Wednesday, 4 September 2013

Another Chapter Closes

It has been a week of sad news for anyone of a certain age in this corner of the world. Cliff Morgan, BBC sports commentator, former Welsh rugby international and Question of Sport team captain passed away. The news was quickly followed by the announcement of the passing of renowned poet and sometimes broadcaster, Seamus Heaney, then broadcaster and writer, Sir David Frost and yesterday, the passing of broadcaster David Jacobs. In the days before 24 hour television broadcasting and multi-channel, terrestial or satellite T.V., broadcasting started about lunchtime and finished around midnight. You had a choice of 3 television channels BBC1, BBC2 or ITV. If you wanted 24 hour broadcasting, you had radio. I knew David Jacobs best from BBC radio. He was the soundtrack of my childhood and early teens, journeys in my father's car, usually on a Saturday. Hearing David Jacobs broadcast on the radio immediately transported me back to those formative years. He was a still tangible link, to times and friends long gone. He was the radio soundtrack of my travelling to the first event of the race calender year, a circuit time trial, usually held on the last Saturday afternoon in February. His voice was as evocative to me, as the whiff of embrocation rubbed into the legs before the race. It just brings the memories flooding back. Unloading the bike in the pub car park. The wheels lifted out first, chrome spokes glinting in the light, then the frame wrapped in a blanket, blanket off and rubber car mats set on the ground to rest the upturned bike on. Wheels put into the frame, hub quick release tension adjusted before closing the levers, bike righted and tubular tyres pumped hard. Bike parked along the car park fence, along with all the others, changing bag with the kit in, collected from the car. Go into the pub, 'Whittley's Tavern', to sign on and collect your race number. Then into the 'changing room', a store at the back of the pub. Chamois cream rubbed into the chamois leather of your wool cycle shorts. Change, remembering to use the clip on braces to hold up your wool shorts, 'Belfast Telegraph' shoved up the front of your club racing jersey to keep out the worst of the cold and wind. Embrocation rubbed into your legs and arms, followed by a covering of olive oil to try and keep out the cold. Help a clubmate fix his race number to his race jersey with safety pins and he does the same for you. Black shorts, club jersey, white socks and 'Pete Salisbury' leather shoes with nailed on T.A. shoeplates on the soles. Clatter out to the toilet 'for a leak' as both nerves and cold are starting to have an effect, then collect your bag and gear and return them to the car. Collect your bike and take it to the scrutineer, brakes and bell, spare tub protectively wrapped and held under the saddle with a toe strap, pump, junior gearing, all correct. Get on the bike and off to the start. Time keeper is Tommy Taylor, and it will be either Jimmy Nichol, Jimmy McBride or Frank Mckeown who will be pushing off. Check the number of the rider waiting to start to see how much time you have and off down the road, in the opposite direction, to warm up. Back up to the start, two minutes to go, rider off, now the one in front and then it's my turn. Bike held, a bit of banter, time keeper studiously watches the stop watch, three.... two.... one.... GO!  A firm shove, turning the gear as fast as I can, as bike gets up to speed. Which way is the wind? Side wind, so no help today and head wind along the third leg. Breathing hard and cold air making the airway ache, I approach that first turn onto a main dual carriageway. The road undulates and is also quite open to the wind for the first quarter mile or so. How far can I get before my minute man catches me? Frustration builds as the cold and wind start to have an effect. Cars speed effortlessly past. Second turn left and now into the head wind. It becomes more of a grind and the seconds just slip past. Third turn and the climb up to the finish. Going as hard as I can, but another rider passes me just to add to the frustration of cold, tiring, muscles. Finish comes into sight at last, but doesn't seem to be getting much closer. It just seems to be a slow dance, then out of the saddle and all out effort for the line. Back to the car, collect my gear and back into the changing room. The shadows are lengthening and the cold is getting more intense. Jersey off and strip to the waist before rubbing down with a dry towel. No showers here. Warm dry clothes eagerly put on, then wipe legs down with a damp cloth, to remove the road dirt and remains of the olive oil, before drying. Finish getting dressed. The feeling of warmth is great. Back to the car, gear stowed, then the bike is dismantled and returned to the car boot. Off to the pub for a cup of hot tea, not old enough yet for the strong stuff. Walk down to the finish to check the results. First time I've ridden this event. Wasn't first, but hey, I wasn't last and I have now got a time to aim to beat next year......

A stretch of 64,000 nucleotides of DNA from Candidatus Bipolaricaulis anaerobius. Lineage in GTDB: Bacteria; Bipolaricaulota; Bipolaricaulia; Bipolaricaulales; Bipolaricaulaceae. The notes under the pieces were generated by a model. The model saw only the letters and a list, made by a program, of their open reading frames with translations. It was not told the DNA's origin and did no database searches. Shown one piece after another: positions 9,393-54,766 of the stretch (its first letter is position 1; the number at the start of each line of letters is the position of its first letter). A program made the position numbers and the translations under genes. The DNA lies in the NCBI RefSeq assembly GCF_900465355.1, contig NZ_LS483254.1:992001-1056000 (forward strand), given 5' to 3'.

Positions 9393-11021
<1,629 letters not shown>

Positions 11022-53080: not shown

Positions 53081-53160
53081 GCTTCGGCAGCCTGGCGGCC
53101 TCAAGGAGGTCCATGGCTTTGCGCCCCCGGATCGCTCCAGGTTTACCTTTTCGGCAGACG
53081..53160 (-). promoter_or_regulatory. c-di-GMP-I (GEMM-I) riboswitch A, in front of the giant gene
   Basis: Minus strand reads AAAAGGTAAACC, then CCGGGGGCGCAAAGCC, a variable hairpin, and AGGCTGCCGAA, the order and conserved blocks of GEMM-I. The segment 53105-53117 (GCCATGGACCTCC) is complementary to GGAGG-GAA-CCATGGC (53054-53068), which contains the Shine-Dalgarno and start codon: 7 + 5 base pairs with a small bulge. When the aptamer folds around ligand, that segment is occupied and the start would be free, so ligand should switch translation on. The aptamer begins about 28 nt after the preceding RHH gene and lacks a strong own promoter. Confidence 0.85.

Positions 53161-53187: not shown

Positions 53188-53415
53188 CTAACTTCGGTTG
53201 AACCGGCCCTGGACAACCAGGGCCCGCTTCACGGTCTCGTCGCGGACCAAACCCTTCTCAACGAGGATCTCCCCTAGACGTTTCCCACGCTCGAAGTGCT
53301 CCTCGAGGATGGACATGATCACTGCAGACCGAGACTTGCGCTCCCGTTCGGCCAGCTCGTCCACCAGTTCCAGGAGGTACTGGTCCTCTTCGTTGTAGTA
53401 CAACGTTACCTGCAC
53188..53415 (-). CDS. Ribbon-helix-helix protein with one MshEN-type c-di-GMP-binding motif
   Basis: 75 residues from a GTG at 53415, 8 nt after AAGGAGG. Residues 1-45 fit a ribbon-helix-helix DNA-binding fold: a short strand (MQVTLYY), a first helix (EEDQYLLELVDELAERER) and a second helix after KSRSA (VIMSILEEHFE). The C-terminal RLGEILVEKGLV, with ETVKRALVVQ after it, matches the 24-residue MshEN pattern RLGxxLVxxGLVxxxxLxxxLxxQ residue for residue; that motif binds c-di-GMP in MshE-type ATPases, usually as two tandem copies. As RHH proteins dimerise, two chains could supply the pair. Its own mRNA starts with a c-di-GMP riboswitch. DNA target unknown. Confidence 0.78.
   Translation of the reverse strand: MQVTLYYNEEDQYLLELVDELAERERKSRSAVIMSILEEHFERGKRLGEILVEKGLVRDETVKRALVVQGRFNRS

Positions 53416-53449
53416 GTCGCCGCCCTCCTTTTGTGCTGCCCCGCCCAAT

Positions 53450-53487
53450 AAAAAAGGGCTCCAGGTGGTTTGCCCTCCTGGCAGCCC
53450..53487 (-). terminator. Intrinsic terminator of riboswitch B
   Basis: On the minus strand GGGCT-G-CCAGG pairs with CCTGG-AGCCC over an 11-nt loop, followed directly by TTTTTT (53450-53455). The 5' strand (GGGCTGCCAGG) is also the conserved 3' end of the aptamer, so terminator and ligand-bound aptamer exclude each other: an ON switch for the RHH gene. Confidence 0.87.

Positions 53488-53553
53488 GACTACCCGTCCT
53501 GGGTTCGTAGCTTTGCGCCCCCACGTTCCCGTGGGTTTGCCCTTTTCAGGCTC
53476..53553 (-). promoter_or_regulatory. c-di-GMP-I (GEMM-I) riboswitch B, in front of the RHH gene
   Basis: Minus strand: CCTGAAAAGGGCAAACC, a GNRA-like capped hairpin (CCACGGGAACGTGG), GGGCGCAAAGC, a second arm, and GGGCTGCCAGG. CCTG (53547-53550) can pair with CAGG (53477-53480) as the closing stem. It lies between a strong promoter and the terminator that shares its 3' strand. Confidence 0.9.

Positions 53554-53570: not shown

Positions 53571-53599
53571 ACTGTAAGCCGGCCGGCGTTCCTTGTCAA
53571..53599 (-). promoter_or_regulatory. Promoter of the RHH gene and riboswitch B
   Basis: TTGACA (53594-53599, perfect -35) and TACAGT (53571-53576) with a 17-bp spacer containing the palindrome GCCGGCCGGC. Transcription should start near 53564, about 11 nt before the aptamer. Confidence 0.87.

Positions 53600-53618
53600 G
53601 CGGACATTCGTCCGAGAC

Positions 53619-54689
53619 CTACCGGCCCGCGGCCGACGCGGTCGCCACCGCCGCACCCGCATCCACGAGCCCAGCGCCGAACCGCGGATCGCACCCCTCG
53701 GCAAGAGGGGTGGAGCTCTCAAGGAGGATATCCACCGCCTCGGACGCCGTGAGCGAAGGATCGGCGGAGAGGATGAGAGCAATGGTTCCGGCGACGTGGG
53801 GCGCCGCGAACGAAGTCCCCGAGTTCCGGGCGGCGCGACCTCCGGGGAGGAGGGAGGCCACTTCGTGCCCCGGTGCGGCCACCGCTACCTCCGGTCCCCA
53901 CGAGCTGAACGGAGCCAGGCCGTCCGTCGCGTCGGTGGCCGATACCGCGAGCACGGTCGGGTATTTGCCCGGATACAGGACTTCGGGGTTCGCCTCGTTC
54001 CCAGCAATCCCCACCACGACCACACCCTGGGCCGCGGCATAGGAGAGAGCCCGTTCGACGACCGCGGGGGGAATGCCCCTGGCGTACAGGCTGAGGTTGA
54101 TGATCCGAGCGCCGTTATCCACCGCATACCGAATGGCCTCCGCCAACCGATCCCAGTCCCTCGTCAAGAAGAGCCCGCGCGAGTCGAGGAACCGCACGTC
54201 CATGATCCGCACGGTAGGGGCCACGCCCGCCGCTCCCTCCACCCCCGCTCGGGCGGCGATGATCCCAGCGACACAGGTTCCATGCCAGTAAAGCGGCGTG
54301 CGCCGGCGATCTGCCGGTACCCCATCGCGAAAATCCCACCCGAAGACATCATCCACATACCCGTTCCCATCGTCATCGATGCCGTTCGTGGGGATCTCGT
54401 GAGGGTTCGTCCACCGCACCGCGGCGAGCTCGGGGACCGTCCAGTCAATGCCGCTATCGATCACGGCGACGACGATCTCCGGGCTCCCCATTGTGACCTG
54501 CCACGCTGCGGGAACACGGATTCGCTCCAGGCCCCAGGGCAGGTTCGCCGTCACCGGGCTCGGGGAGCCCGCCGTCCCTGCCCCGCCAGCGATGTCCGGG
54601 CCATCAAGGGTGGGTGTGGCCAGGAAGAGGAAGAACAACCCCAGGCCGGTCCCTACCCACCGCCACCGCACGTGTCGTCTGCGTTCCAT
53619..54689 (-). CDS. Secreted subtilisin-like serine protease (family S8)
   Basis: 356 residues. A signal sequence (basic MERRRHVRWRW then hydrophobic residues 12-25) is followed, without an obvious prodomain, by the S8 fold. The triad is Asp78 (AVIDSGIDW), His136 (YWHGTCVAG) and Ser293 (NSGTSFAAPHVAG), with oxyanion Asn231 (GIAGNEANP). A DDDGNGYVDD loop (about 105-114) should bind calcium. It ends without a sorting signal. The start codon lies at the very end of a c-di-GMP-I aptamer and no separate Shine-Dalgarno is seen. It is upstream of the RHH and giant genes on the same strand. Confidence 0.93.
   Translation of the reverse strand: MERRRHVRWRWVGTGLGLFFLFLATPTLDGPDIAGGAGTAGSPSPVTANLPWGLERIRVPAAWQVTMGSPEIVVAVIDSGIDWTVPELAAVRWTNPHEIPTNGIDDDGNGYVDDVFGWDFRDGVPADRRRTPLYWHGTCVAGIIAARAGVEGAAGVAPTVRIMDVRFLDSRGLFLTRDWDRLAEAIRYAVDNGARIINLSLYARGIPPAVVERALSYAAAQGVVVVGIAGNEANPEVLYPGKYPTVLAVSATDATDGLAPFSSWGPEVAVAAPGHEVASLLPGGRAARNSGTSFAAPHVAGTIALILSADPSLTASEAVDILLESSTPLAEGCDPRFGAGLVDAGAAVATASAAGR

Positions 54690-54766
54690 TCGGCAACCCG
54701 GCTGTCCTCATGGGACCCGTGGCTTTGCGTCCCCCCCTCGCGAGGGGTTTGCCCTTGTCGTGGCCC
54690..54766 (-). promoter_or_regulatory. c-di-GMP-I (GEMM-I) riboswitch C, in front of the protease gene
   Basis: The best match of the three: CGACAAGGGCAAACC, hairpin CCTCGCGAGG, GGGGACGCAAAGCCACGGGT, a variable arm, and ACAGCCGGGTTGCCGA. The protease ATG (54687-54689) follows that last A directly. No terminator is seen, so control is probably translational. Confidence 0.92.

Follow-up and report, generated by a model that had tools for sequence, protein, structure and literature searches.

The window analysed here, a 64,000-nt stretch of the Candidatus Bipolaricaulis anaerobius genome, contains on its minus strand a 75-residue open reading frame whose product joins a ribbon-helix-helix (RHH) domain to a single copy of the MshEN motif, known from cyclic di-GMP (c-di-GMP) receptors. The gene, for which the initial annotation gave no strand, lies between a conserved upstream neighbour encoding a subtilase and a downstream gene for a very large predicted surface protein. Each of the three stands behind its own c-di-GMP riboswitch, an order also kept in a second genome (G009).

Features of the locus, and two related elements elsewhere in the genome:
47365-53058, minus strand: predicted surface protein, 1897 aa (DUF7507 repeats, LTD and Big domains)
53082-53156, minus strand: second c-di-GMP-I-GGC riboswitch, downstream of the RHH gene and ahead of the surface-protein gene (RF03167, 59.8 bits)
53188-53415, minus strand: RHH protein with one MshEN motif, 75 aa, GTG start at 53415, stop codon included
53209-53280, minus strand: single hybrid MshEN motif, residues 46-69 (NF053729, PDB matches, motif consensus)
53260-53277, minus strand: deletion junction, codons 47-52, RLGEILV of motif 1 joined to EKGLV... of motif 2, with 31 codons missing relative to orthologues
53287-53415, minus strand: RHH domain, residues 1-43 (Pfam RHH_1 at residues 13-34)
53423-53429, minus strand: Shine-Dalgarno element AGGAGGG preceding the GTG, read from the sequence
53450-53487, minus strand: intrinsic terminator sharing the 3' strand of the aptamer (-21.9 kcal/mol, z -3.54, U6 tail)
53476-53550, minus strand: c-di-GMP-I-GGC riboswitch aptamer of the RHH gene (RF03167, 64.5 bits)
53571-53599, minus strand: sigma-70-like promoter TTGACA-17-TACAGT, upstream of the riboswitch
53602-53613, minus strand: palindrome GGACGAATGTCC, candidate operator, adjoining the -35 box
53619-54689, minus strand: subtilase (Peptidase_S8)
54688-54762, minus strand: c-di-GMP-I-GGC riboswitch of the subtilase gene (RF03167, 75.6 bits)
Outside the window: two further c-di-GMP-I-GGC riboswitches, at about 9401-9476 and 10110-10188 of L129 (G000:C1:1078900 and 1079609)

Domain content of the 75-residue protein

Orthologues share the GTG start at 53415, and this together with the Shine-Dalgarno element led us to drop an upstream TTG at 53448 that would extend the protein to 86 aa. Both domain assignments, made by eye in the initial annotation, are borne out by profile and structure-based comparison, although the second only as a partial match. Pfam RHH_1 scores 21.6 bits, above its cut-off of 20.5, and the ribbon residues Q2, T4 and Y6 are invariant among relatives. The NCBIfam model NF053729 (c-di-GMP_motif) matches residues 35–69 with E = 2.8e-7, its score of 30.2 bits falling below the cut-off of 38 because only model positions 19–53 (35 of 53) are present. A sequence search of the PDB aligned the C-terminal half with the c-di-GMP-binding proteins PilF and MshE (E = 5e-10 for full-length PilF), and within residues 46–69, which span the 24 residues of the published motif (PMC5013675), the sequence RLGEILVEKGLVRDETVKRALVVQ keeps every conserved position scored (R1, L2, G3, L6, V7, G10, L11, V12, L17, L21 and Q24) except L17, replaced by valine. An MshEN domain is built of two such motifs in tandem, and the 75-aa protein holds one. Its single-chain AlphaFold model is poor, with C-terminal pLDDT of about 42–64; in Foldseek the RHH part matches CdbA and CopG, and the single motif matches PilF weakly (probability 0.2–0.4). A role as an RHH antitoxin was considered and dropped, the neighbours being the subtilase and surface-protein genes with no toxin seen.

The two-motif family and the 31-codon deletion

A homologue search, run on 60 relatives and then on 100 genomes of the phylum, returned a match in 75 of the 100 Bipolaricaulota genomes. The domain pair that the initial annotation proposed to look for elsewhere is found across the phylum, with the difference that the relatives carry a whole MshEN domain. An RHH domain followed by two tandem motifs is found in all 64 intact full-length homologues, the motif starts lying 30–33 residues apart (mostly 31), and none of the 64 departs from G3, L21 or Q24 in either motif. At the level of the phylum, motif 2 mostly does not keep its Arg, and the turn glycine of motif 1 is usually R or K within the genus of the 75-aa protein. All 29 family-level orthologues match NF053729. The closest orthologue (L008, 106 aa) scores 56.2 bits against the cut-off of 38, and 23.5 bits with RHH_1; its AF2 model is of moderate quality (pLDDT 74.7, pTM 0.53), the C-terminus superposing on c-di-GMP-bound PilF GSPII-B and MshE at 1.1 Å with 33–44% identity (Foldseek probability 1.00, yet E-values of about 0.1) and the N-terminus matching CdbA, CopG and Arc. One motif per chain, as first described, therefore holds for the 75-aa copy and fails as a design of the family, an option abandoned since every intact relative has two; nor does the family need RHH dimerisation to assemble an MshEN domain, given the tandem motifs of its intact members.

That instant link to happy times is no longer tangible. It has now become a memory like those it formerly brought flooding back. I have a lot to thank David Jacobs for, although I probably didn't appreciate it at the time. His broadcasting touched me in a way that neither he, nor I, would have expected, but he certainly enriched my earlier years. For that I own him many thanks, may he rest in peace.

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